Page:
Part 1 of this series revisited the Cell Phone Revolution in Manila, Philippines, which spurred abdication of then-President Joseph ‘Erap’ Estrada in 2001, for insights into intensifying Israelis protests against Prime Minister Bibi Netanyahu on similar grounds of Fraud, Breach of Trust and accepting Bribes. Now as the world awaits the results of the US 2020 Presidential election, its a good time to give more thought to the parallels between Erap and Bibi.
To recap: then-President Estrada was able to stay in office only so long as he retained the support of the Filipino people, including critical support of prominent business people and organizations like the Makati Business Club or MBC. Once business was mobilized against the President’s engagement in fraud and corruption in January 2001, the writing was on the wall and the end of the Erap era.
Fast forward to Israel in 2020, where organized demonstrations against Prime Minister Bibi Netanyahu have continued for nineteen (19) weeks and counting. These ever-expanding demonstrations against Israeli Prime Minister Bibi Netanyahu have grown exponentially geographically, even when limited numerically during the recent second COVID-19 Lock-Down:
While the [COVID-19 Lock-down] regulations were in effect, protesters demonstrated at over a thousand designated points across the country, allowing Israelis to demonstrate near their homes.“Anti-Netanyahu Protests Resume in Jerusalem, Across Israel, in Shadow of Right-wing Violence,” Haaretz, Bar Peleg, Noa Shpigel, Nir Hasson, Josh Breiner
Published on 17.10.2020
Netanyahu tried to use COVID-19 as a pretext to shut down demonstrations – undeterred by lack of evidence that they were a significant cause of infection. In trying to silence Israelis, Bibi ended up exponentially expanding the number of demonstrations – concerned citizens actually found it more convenient to protest locally at intersections, bridges and other locations close to home.
The COVID lock-down spawned widespread and continuing local protests at 1,275 intersections, street and bridges across the country. Similarly, use of excessive police force – and tacit encouragement of violent counter-protesters – failed to deter demonstrators. Now that the second lock-down is being lifted in stages, large-scale ‘cast of thousands’ rallies have been renewed in Tel Aviv and at the Prime Minister’s residence on Balfour Street in Jerusalem.
Like Filipino protesters in 2001, they chant for Netanyahu’s resignation based on his ongoing criminal corruption charges (and call for investigation of serious allegations of criminality in the additional submarine case), poor handling of the COVID-19 crisis, and the related economic crisis.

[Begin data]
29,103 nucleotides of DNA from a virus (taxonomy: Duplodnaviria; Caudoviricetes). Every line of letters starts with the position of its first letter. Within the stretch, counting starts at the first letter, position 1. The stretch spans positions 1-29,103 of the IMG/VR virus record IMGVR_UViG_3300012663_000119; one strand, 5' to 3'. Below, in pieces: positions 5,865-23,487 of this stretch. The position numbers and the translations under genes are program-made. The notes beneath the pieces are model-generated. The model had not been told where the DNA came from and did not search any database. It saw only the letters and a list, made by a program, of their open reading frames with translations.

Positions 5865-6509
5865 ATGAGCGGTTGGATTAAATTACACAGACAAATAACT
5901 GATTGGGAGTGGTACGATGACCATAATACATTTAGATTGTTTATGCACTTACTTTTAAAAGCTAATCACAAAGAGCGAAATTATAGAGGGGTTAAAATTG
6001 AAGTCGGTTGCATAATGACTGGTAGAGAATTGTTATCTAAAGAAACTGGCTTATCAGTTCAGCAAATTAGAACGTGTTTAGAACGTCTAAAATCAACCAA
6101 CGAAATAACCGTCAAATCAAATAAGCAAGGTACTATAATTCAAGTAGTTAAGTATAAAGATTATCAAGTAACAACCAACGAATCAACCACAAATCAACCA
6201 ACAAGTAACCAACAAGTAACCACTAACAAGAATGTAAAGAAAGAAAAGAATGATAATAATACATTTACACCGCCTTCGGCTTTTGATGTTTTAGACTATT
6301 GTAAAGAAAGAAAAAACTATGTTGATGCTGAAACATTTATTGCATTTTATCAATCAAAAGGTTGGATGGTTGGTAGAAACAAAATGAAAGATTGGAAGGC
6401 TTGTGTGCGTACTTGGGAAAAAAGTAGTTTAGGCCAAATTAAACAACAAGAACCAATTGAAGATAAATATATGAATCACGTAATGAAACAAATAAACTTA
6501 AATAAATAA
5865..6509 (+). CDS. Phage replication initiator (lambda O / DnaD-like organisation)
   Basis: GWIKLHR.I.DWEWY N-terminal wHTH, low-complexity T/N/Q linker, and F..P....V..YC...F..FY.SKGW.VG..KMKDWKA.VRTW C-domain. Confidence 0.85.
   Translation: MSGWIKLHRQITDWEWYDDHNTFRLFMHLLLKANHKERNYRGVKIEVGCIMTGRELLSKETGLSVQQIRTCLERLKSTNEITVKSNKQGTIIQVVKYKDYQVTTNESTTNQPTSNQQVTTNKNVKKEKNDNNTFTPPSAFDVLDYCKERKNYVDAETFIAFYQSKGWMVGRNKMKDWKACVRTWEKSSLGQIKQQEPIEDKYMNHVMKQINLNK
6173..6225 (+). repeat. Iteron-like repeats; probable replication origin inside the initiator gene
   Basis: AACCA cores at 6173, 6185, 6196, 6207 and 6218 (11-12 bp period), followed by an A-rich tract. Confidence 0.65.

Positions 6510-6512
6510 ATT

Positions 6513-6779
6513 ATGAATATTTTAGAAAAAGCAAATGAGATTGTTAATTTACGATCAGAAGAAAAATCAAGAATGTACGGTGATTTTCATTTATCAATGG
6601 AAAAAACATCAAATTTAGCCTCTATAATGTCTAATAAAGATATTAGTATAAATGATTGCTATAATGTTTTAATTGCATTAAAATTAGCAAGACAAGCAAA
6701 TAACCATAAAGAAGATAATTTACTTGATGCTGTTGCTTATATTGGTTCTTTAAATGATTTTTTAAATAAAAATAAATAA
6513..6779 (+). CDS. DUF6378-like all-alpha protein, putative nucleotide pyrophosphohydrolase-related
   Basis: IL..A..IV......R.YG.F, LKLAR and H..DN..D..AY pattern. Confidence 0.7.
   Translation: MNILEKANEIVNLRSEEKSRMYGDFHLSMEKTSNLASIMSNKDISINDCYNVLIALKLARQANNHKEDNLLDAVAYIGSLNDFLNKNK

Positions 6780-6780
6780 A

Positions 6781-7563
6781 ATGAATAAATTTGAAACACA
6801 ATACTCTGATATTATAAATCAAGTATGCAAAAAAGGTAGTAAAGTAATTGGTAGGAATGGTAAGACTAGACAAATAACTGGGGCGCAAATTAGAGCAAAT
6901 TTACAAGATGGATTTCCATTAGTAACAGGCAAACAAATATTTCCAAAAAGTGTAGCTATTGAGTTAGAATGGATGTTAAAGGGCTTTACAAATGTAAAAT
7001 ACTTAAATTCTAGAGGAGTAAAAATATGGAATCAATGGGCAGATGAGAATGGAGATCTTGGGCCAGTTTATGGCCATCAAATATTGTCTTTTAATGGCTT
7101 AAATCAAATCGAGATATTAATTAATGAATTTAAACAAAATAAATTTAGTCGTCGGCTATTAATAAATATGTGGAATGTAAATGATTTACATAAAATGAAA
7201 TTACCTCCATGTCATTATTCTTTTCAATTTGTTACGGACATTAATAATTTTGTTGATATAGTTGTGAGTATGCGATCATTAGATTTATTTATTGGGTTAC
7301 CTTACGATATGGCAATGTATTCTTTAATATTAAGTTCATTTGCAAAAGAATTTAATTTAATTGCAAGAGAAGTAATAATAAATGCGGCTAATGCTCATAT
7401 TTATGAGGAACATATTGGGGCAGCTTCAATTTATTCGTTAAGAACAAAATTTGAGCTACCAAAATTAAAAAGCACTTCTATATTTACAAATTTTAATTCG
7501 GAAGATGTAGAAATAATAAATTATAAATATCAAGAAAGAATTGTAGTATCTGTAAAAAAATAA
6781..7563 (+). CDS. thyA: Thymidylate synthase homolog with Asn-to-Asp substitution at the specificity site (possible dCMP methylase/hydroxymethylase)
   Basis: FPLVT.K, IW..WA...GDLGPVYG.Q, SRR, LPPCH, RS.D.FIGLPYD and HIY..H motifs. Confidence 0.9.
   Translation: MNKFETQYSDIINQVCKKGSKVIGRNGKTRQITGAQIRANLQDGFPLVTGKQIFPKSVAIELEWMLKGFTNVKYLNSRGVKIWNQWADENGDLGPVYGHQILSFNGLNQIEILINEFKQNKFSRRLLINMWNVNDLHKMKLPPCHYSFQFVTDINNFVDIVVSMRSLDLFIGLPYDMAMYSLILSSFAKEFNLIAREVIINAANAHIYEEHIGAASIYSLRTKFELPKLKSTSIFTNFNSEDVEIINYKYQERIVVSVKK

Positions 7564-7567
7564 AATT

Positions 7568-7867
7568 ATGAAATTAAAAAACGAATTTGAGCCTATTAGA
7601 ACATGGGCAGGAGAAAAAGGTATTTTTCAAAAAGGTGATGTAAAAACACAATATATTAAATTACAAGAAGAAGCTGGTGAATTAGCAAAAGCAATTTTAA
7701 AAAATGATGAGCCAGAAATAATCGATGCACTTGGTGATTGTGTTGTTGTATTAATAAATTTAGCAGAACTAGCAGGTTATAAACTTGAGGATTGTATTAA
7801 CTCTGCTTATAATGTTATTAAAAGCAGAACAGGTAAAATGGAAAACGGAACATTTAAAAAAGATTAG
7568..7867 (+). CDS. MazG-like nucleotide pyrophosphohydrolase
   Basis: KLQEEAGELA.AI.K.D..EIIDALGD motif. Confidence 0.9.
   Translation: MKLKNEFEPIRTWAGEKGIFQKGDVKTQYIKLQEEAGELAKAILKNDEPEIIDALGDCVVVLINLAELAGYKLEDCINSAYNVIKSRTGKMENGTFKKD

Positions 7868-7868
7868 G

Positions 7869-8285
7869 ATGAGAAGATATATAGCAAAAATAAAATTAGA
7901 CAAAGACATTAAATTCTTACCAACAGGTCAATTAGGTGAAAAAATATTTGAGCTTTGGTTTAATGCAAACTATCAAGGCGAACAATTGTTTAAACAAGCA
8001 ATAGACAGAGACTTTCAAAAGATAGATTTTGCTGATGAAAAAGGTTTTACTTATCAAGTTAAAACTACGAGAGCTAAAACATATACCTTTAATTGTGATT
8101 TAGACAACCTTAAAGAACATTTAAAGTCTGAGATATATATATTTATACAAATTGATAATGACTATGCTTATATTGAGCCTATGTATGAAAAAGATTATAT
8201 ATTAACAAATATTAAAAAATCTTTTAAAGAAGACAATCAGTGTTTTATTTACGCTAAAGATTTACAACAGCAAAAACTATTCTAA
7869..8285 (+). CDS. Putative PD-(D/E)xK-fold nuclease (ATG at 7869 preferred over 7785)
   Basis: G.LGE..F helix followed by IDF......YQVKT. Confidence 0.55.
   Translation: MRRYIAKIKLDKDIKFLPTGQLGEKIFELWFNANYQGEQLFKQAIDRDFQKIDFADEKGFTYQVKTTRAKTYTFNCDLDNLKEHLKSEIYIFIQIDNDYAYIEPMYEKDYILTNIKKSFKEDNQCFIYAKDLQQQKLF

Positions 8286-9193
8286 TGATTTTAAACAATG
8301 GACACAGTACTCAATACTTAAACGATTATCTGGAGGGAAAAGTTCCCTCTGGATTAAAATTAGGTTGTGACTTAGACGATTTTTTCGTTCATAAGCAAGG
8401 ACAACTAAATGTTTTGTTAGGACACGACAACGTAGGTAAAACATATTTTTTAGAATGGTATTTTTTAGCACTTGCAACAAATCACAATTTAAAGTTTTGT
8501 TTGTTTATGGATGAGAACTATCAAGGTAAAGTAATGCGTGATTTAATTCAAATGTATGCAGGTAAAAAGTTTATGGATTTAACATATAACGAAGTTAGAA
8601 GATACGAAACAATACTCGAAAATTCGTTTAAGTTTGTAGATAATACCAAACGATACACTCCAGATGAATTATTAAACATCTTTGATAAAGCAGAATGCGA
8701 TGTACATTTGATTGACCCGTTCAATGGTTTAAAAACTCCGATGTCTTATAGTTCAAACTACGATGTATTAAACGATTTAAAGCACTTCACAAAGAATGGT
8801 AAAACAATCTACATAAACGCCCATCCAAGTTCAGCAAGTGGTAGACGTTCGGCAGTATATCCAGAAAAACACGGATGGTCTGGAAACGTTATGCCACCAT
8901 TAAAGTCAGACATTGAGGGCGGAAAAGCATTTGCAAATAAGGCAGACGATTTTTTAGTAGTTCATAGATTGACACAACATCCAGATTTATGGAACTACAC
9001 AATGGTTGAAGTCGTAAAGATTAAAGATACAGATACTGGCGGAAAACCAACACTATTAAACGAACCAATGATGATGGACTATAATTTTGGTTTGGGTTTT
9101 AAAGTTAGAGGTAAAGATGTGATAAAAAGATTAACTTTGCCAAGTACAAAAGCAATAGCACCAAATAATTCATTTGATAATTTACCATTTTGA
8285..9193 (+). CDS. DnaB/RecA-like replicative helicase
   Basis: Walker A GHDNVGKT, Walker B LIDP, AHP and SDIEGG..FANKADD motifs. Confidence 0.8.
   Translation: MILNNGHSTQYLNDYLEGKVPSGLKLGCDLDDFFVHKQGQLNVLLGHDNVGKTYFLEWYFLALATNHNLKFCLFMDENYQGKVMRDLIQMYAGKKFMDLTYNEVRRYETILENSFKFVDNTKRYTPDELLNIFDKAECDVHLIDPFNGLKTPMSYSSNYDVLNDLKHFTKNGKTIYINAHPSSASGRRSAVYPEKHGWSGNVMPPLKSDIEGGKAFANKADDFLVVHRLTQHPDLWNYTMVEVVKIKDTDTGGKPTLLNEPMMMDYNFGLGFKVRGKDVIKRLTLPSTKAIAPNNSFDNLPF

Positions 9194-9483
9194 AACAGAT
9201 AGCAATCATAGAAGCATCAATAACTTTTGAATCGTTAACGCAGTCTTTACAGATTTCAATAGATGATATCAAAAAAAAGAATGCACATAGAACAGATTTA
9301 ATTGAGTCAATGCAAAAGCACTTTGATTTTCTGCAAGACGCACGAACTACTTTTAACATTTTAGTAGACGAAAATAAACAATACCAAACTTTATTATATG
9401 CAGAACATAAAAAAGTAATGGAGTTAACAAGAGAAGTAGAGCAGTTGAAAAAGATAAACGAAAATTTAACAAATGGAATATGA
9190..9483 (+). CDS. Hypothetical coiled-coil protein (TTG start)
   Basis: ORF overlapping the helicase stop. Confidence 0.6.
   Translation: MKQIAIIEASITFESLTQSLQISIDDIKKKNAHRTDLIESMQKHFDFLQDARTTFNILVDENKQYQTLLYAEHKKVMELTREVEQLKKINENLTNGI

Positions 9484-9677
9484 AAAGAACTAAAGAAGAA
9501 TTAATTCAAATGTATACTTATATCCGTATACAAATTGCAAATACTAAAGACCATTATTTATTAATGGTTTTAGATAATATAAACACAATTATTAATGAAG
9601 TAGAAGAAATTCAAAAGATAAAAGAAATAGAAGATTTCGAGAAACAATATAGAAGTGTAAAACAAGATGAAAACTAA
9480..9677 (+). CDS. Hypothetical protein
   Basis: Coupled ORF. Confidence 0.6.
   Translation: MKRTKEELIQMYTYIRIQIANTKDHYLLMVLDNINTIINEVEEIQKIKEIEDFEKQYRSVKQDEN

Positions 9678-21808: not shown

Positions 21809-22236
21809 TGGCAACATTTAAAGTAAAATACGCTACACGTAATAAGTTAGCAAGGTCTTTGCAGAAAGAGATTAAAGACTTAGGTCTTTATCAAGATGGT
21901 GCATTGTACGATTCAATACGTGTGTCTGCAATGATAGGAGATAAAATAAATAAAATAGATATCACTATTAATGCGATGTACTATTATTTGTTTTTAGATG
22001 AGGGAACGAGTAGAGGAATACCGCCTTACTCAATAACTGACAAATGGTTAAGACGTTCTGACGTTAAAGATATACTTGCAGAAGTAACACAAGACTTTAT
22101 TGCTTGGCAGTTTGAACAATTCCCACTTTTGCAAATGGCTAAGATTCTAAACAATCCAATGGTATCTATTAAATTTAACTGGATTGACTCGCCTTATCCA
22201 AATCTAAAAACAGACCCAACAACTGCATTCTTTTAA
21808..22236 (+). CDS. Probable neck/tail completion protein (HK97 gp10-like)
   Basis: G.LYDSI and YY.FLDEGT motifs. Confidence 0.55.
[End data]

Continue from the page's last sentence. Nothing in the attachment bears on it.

Like Filipino protesters in 2001, protesters are increasingly composed of middle-aged business people. Bibi’s mischaracterization of protesters as leftwing anarchists do them and him a disservice.
Netanyahu is already facing imminent criminal trials on 3 serious indictments for Fraud, Breach of Trust and Accepting a Bribe. He already tried and failed to pass special legislation to give him immunity from prosecution. So it does not help Bibi to find a ‘political’ solution to avoid full investigation of the Submarine case – which dwarfs the criminal charges he is already facing – and further erodes his political legitimacy.
The bottom line: If there is any lesson to be taken from the 2001 Filipino Cell Phone Revolution, the increasing participation of middle-aged, middle and upper-middle class businesspeople in ongoing weekly demonstrations does not bode well for Bibi’s political half-life.
In 2001 then-President Erap was acutely aware that there are times to stand and fight, and times for strategic retreat – to live to fight another day. He did not oppose the clear political will of the people and exited the Presidency with an element of grace. Erap rose again, most recently completing service as the multi-term mayor of Manila (political and commercial capital of the Philippines) after receiving a pardon from his political successor in office. Erap’s timely if abrupt departure from the Presidency helped to ensure that the events of 2001 are only a part of his political legacy for the Philippines.
Until now Bibi has shown little inclination to do the same. There is no indication that he is fully aware of the antipathy against him, antipathy that is growing by the day and the week as he places his personal interests above those of the public. Perhaps if Trump – Bibi’s close and important ally – goes down to defeat in the American 2020 presidential election Netanyahu will recognize that there is a limit to everything. It does not take a Professor of History to recognize that how Bibi reacts now will help shape not only Israel’s immediate future, but his own political legacy.